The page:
On the ship they experience rough seas. Zorba and Basil appear to be drunk. Zorba asks his boss if he likes a woman, and he says no. Zorba gets up because he is seasick. Basil finds him sitting on the deck. Basil asks if he is married. Zorba says he is a man and stupid, and so he married and got a wife, children, and a house—the full catastrophe. He asks Basil not to make him talk. Basil says he is single, and Zorba says he has too many books. Zorba is excited he saw a dolphin.
A man alerts the villagers that an American is coming. In the car Basil says he hopes they will find somewhere to stay. Zorba says they will find Cretan hospitality. People gather as the car arrives. Basil tells Zorba not to start another war. Zorba says there may be a widow around. Zorba says they all want them to stay with them. Mavrandoni (George Foundas) says a French woman has a hotel. He says Basil came at last, and he introduces himself. Basil says Mavrandoni has been looking after his land. Zorba asks if the French lady is a widow. Mavrandoni says she is a widow of many husbands. Basil and Zorba walk as the car follows them. Madame Hortense (Lila Kedrova) comes out to welcome them, and Basil shakes her hand. Zorba asks for two beds without bugs. She says she has no bugs and leads them into her hotel.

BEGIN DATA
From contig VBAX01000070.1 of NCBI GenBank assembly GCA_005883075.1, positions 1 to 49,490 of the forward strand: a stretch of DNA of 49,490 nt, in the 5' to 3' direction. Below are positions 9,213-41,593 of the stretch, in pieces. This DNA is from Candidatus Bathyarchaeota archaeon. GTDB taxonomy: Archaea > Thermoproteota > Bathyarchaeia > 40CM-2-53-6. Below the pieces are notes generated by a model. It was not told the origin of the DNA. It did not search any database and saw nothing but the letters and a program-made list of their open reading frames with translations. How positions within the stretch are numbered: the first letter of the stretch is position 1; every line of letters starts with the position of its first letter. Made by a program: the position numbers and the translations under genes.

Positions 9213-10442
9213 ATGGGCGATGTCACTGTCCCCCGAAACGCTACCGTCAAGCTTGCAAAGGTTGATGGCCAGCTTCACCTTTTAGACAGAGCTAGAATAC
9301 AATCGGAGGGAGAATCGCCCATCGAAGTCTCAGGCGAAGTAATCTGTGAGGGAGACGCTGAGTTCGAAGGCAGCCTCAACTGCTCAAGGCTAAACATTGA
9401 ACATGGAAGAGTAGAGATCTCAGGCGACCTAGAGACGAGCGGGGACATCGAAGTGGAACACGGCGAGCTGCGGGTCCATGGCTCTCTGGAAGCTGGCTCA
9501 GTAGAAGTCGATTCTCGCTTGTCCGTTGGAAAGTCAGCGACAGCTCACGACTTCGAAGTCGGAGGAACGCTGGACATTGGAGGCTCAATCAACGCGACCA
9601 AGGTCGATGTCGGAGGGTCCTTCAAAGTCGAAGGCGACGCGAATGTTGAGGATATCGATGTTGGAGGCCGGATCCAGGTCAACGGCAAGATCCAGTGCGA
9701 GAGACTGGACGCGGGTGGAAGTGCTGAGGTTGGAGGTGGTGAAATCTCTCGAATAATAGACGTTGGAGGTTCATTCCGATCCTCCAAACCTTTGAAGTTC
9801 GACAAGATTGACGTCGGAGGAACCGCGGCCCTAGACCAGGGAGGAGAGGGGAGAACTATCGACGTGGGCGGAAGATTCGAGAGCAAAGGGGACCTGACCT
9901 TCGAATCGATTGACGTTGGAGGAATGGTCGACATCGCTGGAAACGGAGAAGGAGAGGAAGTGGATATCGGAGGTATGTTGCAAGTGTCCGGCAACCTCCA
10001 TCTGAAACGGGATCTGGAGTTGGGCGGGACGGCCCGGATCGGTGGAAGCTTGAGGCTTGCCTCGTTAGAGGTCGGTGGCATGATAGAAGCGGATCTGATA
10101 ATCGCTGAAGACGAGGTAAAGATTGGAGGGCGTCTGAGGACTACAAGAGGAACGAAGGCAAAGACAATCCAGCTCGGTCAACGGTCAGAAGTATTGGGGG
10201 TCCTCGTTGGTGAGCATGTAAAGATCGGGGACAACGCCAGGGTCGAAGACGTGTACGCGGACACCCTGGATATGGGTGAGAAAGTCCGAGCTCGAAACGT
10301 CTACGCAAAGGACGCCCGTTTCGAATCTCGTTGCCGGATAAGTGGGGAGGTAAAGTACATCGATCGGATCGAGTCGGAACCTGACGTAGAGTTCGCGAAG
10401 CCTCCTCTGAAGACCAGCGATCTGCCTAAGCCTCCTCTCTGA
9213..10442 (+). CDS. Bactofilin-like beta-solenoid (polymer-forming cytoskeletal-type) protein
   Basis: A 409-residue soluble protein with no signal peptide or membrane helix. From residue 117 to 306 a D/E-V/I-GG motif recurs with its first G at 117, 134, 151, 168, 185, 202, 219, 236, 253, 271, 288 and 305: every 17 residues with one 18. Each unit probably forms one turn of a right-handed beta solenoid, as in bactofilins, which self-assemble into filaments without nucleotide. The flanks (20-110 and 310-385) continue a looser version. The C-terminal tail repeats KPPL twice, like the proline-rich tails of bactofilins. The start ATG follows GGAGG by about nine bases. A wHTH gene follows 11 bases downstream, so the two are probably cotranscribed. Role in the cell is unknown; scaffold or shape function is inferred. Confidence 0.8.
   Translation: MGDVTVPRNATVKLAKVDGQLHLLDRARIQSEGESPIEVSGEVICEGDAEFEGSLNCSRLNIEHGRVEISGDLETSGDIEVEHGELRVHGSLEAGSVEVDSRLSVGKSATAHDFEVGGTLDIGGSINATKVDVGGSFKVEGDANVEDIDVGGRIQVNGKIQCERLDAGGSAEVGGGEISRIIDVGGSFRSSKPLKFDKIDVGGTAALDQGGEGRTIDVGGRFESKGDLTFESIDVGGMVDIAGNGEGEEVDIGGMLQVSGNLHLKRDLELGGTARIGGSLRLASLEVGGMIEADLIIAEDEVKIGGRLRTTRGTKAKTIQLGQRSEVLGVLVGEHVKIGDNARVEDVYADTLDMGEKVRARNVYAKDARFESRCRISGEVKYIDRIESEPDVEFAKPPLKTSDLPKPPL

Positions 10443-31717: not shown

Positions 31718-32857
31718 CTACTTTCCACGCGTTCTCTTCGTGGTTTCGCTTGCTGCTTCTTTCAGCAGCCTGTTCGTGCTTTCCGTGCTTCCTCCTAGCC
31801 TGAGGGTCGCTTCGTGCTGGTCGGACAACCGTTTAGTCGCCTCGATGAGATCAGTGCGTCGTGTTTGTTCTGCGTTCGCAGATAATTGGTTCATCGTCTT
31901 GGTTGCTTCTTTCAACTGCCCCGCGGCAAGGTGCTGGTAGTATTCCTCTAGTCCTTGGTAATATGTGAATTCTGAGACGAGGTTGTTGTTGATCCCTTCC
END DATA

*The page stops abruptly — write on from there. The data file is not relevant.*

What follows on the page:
That evening as they dine on a patio, Hortense sings and dances for them. She says she worked in cabarets. Zorba tells Basil to ask her to dance and make a pass. Zorba tells her that Basil would like to dance with her, but he is shy. Basil dances with her but does not hold her tight. Zorba dances with her to show him how. Children in the bushes laugh, and she gets upset. Zorba gets a pitcher and throws water at them, chasing them away. He consoles her, and she takes his cigarette which Basil lights for her. She says she came to Crete with the British fleet. She was in love with the admiral. Here she met a Frenchman, an Italian, and a Russian. She liked their beards but could tell them apart even in the dark because of their different perfumes. Zorba asks her to tell them about them. She laughs and says they poured champagne over her to keep her fresh. She says there was a revolution, and the Cretans were running around. The admiral wanted to open fire, but she persuaded him to stop it. She pleaded with her Canavaro and stopped the boom-boom. She says she got no medals, and Basil laughs. She goes up the stairs, and Zorba tells her not to go. He tells Basil they did a bad thing.